campaign goal of $125 million. The remaining 80 percent of the goal is devoted to
student scholarships, The Wesleyan Fund and faculty and program endowments.
Says architect Katie Faulkner, “The commencement plaza accentuates the fact that this
building occupies a very important position on campus. We are aware of the power this
site holds in the hearts and minds of alumni.”
The campaign’s priorities were based on a Strategic Plan approved by Illinois Wesleyan’s
Board of Trustees in 2006. The new Main Classroom Building supports the strategic
goal to transform teaching and learning at Illinois Wesleyan. Specifically, that goal
aims “to augment teaching and learning resources to match our increased student body
size, emerging curricular directions and evolving student expectations.”
And when seeking to transform, a new foundation is often a good place to begin, quite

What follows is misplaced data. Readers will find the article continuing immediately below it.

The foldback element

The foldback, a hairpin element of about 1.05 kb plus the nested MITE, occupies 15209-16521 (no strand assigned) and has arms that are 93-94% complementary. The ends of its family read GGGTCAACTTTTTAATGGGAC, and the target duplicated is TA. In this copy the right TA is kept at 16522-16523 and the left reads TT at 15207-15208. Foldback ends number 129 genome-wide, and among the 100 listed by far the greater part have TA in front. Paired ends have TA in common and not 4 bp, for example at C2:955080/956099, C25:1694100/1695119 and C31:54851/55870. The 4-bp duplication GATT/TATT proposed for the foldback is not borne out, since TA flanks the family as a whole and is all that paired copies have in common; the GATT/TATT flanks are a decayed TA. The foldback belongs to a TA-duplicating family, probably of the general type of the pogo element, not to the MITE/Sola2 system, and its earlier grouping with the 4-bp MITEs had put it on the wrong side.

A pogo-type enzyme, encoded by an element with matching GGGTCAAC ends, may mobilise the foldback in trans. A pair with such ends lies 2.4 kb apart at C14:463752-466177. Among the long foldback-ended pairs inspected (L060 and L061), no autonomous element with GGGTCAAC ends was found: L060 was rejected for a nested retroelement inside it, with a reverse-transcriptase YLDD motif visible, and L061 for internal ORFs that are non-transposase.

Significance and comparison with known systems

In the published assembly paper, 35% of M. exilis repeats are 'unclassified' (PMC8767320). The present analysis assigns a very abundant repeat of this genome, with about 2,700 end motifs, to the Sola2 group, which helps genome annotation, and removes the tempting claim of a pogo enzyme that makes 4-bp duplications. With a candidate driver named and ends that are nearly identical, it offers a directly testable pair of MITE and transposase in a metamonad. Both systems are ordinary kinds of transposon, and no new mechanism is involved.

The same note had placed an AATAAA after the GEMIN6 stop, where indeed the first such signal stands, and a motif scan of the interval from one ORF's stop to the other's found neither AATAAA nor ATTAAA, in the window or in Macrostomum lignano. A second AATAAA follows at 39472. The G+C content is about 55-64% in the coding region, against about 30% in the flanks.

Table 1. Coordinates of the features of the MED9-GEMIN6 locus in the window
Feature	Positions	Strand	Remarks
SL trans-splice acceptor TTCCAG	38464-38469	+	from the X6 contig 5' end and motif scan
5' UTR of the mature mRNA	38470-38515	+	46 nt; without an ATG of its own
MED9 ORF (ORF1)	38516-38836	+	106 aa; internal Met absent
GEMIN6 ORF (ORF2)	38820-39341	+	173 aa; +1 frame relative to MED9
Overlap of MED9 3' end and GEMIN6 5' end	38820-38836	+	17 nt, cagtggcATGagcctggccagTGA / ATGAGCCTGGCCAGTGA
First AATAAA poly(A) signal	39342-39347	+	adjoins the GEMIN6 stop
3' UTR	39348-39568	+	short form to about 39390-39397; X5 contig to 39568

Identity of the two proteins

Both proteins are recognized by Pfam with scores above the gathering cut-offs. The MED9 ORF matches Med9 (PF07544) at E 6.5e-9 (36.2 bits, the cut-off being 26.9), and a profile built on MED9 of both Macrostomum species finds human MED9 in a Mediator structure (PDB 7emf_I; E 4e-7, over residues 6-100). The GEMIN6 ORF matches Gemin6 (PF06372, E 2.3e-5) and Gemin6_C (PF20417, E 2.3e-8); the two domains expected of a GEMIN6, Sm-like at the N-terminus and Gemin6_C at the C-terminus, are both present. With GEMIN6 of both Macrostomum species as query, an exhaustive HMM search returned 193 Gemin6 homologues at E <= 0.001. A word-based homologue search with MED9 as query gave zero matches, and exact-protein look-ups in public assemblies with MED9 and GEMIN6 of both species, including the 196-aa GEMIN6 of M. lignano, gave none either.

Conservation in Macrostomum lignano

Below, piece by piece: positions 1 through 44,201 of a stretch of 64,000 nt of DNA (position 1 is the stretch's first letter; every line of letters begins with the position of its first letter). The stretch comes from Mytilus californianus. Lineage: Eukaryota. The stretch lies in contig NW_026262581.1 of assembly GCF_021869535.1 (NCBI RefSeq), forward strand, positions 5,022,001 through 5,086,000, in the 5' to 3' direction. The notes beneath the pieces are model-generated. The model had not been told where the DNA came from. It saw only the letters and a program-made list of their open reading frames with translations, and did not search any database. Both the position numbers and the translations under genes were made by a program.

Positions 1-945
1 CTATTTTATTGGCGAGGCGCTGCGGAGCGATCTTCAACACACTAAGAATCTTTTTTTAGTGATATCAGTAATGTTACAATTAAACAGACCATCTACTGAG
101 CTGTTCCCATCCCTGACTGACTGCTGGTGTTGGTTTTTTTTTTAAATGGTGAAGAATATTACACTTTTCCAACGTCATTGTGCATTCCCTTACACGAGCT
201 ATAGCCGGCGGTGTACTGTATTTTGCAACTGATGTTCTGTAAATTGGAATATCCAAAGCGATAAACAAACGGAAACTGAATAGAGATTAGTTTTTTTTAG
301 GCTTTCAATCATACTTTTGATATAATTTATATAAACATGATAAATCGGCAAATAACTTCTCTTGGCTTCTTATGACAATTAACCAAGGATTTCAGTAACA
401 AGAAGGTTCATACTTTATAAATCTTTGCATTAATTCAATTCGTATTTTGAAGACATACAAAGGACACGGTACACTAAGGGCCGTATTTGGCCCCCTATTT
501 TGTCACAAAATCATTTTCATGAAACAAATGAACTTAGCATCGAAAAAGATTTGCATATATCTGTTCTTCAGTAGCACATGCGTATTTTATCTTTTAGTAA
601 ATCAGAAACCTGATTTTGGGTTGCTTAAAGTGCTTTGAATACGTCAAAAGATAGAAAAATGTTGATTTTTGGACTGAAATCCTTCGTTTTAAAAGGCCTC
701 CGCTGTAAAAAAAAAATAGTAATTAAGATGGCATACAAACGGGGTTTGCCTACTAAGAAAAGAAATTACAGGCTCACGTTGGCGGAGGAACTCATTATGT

Wilson recalls a conversation he had with a faculty member who taught classes in both
Shaw Hall and the Center for Natural Science Learning and Research. The professor
told him, “Where you teach does make a difference.” The comment lingered in Wilson’s
mind. “For me, that was a compelling statement about why we need to do this,” he says.
Frank Boyd echoes that sentiment, noting the power of place in learning.
“Faculty are looking forward to teaching in the new classrooms because when you provide
different kinds of learning spaces, faculty start rethinking their teaching to meet
the space,” says Boyd. “A new learning environment is likely to stimulate creativity
on the part of the faculty.”
Standing on the hallowed ground where North Hall was opened to Illinois Wesleyan’s
first students, the new Main Classroom Building holds the same promise of discovery
and learning for future generations.
As President Wilson says, “I believe this building holds the potential to help us
take a giant step forward in the quality of the educational experience that we provide